Signs Of Depression In Teens
Depression is listed in the Diagnostic and Statistical Manual of Mental Disorders, Fifth Edition (DSM-5) as a mental health disorder characterized by persistently depressed mood or loss of interest in activities, causing significant impairment in daily life. While depression can develop at any age, symptoms commonly surface in adolescence and young adulthood. Teenagers are fraught with intense and far-ranging emotions as adolescence forces them to grow physically, mature emotionally, experience surging hormones, and are faced with a sudden newfound need for autonomy. All while needing to develop new stress management skills, as their previous emotional coping mechanisms quickly become outdated and ineffective. It is not uncommon for teenagers to be viewed as overly dramatic, highly emotional, boundary testing individuals. It is normal for situations that are stressful, painful, and/ or difficult to elicit fluctuating emotions. If, however, a young person does not emotionally recover in an appropriate timeframe and the teen experiences severe and extended time periods of debilitating sadness, he or she may be struggling with depression.
Teenage depression is, unfortunately highly common. Findings from the National Institute of Mental Health in 2017, report nearly 3.2 million adolescents between the ages of 12 to 17 had experienced at least one major depressive episode. The signs and symptoms exhibited by a teen struggling with depression will vary, as the combination and severity of symptoms will depend specifically on the teen. Signs that may indicate teen depression could include, but are not limited to the following, as provided by the Mayo Clinic:
- Negative thinking
- Extreme sensitivity to criticism
- Sudden bursts of anger
- Engaging in high-risk behaviors
- Difficulty sleeping
- Random, unexplainable body aches and pains
- Sudden lack of interest in previously enjoyed pastimes
- Decline in academic performance
- Change in eating habits
- Weight fluctuation
- Difficulty concentrating
- Social withdrawal and/ or social isolation
- Fixation on past failures or exaggerated self-blame or self-criticism
- Low self-esteem
To be clear, a young person diagnosed with clinical depression does not just have infrequent fleeting bouts of extreme sadness, nor can a young person struggling with depression simply “snap out of it”. The majority of young people with depression require some type of formalized treatment to learn the skills and techniques needed to assist in effectively manage its associated symptoms. If left untreated, teenage depression can result in a number of severe short and long-term adverse side effects. Furthermore, it is important to note that an untreated, teenager struggling with depression may be at risk of suicide even if the signs and symptoms do not appear to be severe. The treatment plan for a teenager diagnosed with depression will be tailored to the nuanced needs of the young person and will likely comprise of one or more psychotherapeutic modalities (i.e. specialized individual therapy, group therapy, creative arts therapies, etc.) and in some cases include antidepressant medication.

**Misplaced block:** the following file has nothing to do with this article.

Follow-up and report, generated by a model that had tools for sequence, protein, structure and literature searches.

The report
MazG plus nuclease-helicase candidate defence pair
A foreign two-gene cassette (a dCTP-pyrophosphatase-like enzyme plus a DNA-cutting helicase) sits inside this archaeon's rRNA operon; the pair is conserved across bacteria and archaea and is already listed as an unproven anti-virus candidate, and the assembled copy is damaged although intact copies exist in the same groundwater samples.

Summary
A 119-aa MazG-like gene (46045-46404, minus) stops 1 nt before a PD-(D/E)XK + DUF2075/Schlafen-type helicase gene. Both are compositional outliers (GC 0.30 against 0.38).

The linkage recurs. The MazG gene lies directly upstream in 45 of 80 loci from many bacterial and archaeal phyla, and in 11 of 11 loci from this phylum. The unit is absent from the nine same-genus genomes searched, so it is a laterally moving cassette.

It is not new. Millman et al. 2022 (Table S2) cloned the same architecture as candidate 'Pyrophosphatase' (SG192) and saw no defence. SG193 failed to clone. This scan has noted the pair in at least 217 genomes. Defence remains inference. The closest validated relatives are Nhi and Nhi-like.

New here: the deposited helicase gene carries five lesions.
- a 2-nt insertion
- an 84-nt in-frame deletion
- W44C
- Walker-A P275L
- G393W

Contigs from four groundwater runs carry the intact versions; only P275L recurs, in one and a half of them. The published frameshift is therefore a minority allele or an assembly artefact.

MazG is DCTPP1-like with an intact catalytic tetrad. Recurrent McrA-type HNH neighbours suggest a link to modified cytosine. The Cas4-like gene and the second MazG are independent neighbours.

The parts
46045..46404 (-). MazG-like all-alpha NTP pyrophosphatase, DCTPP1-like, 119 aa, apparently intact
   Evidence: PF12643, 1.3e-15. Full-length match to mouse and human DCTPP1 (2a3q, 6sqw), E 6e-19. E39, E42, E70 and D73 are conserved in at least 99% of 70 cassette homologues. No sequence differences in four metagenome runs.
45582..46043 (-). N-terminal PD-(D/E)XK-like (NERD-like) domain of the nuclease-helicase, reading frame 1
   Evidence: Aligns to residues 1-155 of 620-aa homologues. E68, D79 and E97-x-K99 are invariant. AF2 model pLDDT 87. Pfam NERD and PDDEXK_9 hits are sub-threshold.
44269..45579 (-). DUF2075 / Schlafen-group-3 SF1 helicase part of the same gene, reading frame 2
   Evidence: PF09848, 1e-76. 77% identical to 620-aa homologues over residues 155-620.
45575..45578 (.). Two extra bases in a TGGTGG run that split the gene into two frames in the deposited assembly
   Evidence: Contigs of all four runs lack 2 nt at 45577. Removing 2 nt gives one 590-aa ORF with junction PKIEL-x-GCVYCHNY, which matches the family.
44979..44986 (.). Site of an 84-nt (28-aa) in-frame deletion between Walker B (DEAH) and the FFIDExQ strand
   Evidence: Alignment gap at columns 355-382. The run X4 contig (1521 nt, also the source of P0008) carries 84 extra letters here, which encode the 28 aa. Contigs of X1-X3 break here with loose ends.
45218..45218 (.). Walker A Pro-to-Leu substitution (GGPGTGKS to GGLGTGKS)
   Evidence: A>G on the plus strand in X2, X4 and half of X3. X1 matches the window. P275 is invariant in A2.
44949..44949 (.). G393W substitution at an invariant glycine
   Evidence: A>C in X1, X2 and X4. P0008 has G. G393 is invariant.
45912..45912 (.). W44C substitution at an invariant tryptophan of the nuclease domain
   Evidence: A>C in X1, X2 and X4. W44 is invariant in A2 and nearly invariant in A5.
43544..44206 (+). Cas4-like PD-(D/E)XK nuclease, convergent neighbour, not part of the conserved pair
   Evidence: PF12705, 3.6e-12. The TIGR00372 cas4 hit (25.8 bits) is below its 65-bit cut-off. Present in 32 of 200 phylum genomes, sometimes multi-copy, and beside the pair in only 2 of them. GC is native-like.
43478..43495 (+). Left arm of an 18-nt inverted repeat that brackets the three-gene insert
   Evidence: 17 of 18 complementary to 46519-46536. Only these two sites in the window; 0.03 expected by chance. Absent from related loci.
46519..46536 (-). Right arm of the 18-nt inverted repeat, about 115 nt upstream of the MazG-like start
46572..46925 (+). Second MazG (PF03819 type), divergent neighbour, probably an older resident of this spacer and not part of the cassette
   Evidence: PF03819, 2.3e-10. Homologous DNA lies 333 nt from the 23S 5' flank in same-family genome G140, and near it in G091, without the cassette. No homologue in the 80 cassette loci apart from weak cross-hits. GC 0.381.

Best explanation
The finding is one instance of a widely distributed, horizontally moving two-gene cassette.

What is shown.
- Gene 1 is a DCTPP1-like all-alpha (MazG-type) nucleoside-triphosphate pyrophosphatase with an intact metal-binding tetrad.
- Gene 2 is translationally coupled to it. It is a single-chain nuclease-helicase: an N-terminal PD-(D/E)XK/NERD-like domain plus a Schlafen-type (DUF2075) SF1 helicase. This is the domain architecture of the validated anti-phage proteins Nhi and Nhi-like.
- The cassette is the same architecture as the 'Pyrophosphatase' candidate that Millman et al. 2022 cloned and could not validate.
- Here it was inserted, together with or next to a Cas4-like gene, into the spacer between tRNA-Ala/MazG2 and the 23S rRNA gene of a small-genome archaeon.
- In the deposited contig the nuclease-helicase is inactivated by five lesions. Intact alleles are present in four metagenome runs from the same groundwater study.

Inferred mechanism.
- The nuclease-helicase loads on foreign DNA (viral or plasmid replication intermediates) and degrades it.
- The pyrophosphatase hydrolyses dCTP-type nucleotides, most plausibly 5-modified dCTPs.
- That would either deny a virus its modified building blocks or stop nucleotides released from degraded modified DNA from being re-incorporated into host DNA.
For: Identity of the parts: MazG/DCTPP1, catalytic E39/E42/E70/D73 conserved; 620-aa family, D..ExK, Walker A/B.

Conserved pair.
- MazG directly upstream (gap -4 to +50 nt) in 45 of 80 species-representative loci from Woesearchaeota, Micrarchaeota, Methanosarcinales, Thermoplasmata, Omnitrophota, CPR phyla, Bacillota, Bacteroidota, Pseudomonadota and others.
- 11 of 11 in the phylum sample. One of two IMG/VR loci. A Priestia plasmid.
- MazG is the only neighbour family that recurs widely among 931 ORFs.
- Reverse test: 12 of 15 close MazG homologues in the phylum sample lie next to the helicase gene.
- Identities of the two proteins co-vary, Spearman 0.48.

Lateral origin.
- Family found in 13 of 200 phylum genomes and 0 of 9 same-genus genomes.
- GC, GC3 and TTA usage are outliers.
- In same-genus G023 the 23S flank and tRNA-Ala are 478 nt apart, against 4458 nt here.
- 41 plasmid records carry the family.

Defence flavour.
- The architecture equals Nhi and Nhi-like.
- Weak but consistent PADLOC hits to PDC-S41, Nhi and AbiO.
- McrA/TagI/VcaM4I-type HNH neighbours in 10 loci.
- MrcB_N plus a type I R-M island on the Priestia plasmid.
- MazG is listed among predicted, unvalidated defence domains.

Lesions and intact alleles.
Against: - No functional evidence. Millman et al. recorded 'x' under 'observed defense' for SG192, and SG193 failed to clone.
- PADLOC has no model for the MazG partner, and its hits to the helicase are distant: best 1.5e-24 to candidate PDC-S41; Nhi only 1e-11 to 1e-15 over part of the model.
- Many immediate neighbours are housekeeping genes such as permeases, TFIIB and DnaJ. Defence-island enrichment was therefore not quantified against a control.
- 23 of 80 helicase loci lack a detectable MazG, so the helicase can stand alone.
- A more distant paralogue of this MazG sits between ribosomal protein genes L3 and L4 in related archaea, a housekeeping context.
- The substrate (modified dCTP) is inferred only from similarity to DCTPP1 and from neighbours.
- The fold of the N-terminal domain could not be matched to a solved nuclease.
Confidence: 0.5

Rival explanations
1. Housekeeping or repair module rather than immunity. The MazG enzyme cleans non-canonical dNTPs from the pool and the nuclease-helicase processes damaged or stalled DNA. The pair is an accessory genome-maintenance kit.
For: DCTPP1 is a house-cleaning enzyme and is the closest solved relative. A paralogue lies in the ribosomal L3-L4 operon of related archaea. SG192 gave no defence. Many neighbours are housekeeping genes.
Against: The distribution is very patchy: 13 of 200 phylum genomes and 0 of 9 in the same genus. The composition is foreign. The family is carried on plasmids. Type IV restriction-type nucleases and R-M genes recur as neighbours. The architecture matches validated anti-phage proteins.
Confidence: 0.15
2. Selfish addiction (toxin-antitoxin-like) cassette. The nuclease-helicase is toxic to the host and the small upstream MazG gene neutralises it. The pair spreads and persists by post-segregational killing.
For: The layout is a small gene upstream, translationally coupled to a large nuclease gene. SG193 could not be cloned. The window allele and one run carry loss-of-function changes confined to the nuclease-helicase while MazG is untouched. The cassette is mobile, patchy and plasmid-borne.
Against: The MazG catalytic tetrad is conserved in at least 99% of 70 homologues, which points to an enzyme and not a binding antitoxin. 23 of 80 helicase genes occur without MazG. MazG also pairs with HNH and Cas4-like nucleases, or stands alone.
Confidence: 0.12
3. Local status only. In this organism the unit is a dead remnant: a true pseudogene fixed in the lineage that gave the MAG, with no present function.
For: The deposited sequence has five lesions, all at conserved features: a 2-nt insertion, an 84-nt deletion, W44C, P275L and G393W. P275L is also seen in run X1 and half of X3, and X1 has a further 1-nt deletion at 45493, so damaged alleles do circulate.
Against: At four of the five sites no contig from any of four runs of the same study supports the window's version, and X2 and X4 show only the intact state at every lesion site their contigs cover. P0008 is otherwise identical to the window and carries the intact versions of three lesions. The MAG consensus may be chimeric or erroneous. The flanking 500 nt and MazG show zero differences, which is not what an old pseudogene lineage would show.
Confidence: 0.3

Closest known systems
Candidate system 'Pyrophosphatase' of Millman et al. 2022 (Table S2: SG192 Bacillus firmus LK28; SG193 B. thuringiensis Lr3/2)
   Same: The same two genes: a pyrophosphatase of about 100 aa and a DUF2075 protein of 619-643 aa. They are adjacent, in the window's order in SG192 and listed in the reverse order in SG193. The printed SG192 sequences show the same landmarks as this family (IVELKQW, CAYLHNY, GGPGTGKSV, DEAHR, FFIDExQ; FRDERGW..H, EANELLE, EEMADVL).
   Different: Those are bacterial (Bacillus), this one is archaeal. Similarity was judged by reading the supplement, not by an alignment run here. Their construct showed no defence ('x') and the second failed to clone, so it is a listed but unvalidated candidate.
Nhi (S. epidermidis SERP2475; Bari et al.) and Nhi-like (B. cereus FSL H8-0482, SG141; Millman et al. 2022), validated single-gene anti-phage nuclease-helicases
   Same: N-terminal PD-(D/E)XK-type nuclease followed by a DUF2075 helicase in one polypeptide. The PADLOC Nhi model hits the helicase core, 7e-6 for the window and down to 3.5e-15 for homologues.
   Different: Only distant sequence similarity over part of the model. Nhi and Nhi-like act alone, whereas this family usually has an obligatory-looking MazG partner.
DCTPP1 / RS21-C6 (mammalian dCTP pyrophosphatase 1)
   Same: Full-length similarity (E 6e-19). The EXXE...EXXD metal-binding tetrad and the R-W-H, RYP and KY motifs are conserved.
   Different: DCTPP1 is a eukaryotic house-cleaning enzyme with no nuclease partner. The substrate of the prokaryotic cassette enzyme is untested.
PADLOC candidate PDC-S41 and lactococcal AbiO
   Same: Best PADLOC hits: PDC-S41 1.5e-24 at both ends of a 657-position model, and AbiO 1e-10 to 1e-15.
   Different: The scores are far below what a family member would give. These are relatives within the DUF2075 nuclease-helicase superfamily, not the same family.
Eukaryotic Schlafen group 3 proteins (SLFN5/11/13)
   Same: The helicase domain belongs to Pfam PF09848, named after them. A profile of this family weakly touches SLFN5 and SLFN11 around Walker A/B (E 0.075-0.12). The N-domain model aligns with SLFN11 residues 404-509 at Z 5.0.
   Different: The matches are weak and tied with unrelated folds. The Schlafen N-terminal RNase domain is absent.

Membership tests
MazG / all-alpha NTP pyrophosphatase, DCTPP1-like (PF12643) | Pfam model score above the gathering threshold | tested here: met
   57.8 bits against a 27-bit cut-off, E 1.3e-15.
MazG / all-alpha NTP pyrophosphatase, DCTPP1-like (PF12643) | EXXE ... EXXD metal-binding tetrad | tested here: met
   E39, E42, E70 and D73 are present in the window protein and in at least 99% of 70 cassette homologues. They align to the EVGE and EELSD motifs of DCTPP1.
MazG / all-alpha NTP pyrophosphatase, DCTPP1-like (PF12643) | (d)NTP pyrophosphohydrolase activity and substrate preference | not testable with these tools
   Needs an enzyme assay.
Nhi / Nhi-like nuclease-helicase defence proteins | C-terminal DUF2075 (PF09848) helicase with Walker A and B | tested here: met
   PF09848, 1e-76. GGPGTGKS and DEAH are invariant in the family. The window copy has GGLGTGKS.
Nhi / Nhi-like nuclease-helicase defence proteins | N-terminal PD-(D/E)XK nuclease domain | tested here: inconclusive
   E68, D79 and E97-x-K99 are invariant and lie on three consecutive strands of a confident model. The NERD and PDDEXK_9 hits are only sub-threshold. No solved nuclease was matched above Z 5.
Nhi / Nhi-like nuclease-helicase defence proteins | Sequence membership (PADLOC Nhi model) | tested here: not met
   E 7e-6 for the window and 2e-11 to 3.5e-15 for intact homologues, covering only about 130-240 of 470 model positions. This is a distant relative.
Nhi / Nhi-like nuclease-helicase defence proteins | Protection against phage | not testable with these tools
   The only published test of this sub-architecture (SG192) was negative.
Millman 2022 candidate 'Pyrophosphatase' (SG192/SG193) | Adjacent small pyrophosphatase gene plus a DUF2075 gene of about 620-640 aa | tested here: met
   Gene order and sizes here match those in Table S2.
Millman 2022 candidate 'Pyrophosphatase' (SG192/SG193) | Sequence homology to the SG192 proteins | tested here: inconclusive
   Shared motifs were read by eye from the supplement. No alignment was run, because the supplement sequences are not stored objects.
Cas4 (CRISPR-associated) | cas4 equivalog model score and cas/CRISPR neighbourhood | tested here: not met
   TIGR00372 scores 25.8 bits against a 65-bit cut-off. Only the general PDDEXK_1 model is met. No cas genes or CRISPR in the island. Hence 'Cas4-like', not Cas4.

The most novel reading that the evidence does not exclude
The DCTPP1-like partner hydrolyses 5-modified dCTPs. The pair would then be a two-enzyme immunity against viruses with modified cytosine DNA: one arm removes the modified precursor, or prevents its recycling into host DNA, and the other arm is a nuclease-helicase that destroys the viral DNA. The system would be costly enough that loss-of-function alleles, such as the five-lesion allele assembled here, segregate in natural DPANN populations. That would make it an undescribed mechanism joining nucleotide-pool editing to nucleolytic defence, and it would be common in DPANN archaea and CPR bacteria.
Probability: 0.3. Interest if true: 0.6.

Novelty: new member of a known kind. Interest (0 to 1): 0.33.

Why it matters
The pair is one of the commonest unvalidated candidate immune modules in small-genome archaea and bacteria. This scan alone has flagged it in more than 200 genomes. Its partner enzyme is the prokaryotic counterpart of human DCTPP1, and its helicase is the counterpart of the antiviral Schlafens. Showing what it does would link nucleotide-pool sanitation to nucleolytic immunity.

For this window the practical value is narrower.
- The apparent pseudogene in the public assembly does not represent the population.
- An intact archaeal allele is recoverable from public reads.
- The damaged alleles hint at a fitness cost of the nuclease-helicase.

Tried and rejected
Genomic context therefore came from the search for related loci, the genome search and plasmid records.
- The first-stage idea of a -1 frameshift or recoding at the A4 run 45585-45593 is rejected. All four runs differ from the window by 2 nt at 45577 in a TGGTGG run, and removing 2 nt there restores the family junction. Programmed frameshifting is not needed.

For Information and Support
Seeking help is never easy, but you are not alone! If you or someone you know is in need of mental health treatment, we strongly encourage you to reach out for help as quickly as possible. It is not uncommon for many mental health difficulties to impact a person for the long term. The earlier you seek support, the sooner you and your loved ones can return to happy, healthy and fulfilling lives.
Our admissions team is available to answer any general questions regarding mental health issues, treatment, and/or specific questions about the program at Pacific Teen Treatment and how we might be able to help your family. We can be reached by phone 24/7 at 800-531-5769. You can also contact us via email at firstname.lastname@example.org or through our contact form.